These are some copyright-related issues that Wikitravellers should know about incorporating other people's work into Wikitravel. Note that most Wikitravellers are not lawyers; those that are probably practice in a country or jurisdiction far from you. If you need legal advice, contact a lawyer near you.
Information vs. representation
In general, it's not possible to copyright information itself -- just the expression of that information. For example, someone can copyright the statement "The Foofaraw Hotel, at 117 Blurbaw Street in the Carabiner District, has rooms for $50 to $100 including breakfast and in-room television." But the essential facts in that sentence -- that a hotel named Foofaraw exists, where it's located, and what its prices are -- can be used by anyone. Even a false or fictious fact cannot be copyrighted.
Wikitravel can contain information about hotels, restaurants, bars, and sights that are in other travel guides already. However, we need to express that information differently, and not just copy it out of a book somewhere. It's best to get the information first-hand to make sure it's true and reliable; at the least we should fact-check the information in other guides.
In addition, selection and organization of data can be copyrighted, too. So, listing the same 18 hotels in a city that another travel guide lists will be at least suspicious, if not cause for alarm. In general, we should avoid leaning on other travel guides for their information.
The public domain
Certain expression is not copyrighted by anyone; this information is in the public domain. Anyone can use it, copy it, or incorporate it into copyrighted works. In general, works are in the public domain if they're so old that the terms of their copyright has lapsed, or if they were created by government employees or officials (depending on the jurisdiction).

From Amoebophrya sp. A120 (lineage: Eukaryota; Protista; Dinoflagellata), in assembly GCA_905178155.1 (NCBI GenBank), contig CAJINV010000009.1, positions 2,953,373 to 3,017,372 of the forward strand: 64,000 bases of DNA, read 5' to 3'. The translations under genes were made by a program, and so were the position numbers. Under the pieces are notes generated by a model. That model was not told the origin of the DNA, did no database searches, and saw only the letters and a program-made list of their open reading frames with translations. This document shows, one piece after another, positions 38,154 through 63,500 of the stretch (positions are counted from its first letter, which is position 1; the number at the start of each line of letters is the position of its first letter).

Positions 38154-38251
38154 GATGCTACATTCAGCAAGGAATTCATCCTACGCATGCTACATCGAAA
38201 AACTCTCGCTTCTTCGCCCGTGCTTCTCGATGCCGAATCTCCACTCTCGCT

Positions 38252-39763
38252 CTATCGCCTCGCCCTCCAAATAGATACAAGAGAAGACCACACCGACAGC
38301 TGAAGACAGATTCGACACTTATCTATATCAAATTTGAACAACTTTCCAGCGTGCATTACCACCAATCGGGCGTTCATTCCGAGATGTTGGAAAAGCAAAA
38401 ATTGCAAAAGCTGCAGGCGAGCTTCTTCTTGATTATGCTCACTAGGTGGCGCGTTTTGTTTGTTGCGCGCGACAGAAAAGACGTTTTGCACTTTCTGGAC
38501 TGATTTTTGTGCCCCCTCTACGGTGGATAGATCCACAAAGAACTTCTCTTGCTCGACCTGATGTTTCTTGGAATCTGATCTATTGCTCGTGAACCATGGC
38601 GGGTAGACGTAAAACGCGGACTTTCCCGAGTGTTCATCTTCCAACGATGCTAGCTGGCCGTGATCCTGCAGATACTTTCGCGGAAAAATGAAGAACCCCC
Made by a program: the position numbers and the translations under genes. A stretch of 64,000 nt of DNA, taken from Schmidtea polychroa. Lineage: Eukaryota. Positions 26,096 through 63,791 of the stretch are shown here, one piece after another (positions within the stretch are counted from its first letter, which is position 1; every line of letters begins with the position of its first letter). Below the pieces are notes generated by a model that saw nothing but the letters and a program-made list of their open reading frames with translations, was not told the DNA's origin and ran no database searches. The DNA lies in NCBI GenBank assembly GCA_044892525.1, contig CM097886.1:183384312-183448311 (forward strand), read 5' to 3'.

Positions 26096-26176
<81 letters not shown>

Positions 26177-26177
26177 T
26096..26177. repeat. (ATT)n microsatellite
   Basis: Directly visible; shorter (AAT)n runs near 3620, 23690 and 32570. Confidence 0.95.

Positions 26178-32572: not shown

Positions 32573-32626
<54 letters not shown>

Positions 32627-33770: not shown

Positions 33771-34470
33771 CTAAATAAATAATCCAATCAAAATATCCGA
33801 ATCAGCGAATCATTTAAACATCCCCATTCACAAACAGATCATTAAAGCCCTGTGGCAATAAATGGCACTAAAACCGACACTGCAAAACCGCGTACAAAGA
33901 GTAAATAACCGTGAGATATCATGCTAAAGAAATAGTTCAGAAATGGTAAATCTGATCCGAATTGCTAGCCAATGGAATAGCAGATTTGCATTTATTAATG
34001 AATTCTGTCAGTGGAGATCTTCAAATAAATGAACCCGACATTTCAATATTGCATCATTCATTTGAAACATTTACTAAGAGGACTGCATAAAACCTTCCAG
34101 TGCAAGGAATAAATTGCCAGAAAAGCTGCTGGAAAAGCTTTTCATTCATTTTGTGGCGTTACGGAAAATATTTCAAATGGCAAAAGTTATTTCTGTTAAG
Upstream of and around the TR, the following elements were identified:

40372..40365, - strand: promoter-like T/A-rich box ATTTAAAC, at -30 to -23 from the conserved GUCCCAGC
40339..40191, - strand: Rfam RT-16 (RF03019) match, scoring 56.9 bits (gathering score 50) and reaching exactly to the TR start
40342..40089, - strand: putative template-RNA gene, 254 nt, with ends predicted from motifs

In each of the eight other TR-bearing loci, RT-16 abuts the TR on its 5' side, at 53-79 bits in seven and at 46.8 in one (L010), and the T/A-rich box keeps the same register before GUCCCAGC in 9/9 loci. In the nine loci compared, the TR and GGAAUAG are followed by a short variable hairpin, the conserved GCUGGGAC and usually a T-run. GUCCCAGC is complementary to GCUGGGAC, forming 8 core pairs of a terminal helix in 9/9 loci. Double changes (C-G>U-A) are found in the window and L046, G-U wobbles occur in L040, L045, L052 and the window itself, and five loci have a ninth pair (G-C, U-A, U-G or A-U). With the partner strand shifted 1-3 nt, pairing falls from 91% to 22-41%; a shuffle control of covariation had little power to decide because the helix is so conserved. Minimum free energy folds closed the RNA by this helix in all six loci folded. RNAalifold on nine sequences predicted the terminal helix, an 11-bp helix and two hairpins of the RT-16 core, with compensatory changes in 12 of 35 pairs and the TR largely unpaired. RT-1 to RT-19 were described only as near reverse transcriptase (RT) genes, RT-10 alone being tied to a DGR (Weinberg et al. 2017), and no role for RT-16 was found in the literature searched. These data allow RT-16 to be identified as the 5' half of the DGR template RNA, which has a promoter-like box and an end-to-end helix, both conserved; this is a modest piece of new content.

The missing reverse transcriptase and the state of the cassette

Some public domain works are useful for incorporation into Wikitravel, but most are not. A travel guidebook from 1894 is not going to have all that much information relevant for today's travellers, and will probably be in an offputting archaic style. Information put out by government officials will probably also not be terribly useful.
There is a principle in American copyright law, and in laws of other countries, that allows incorporation of copyrighted works into other works. This principle is called fair use; among other things, it allows adding short quotes and excerpts from other works into our own.
However, it's important to remember that fair use is contingent on the type of person or party reusing a work, and their intention. It may in fact be "fair use" for us to incorporate a picture, text, or other copyrighted expression into Wikitravel for use on wikitravel.org, but it would not be fair for readers to use that same picture in works they derive from Wikitravel. The great benefit of having a free travel guide is lost if people aren't really free to use and reuse our articles.
Therefore, fair use in Wikitravel of works from other sources, with the exception of short quotes or excerpts of text, is not acceptable.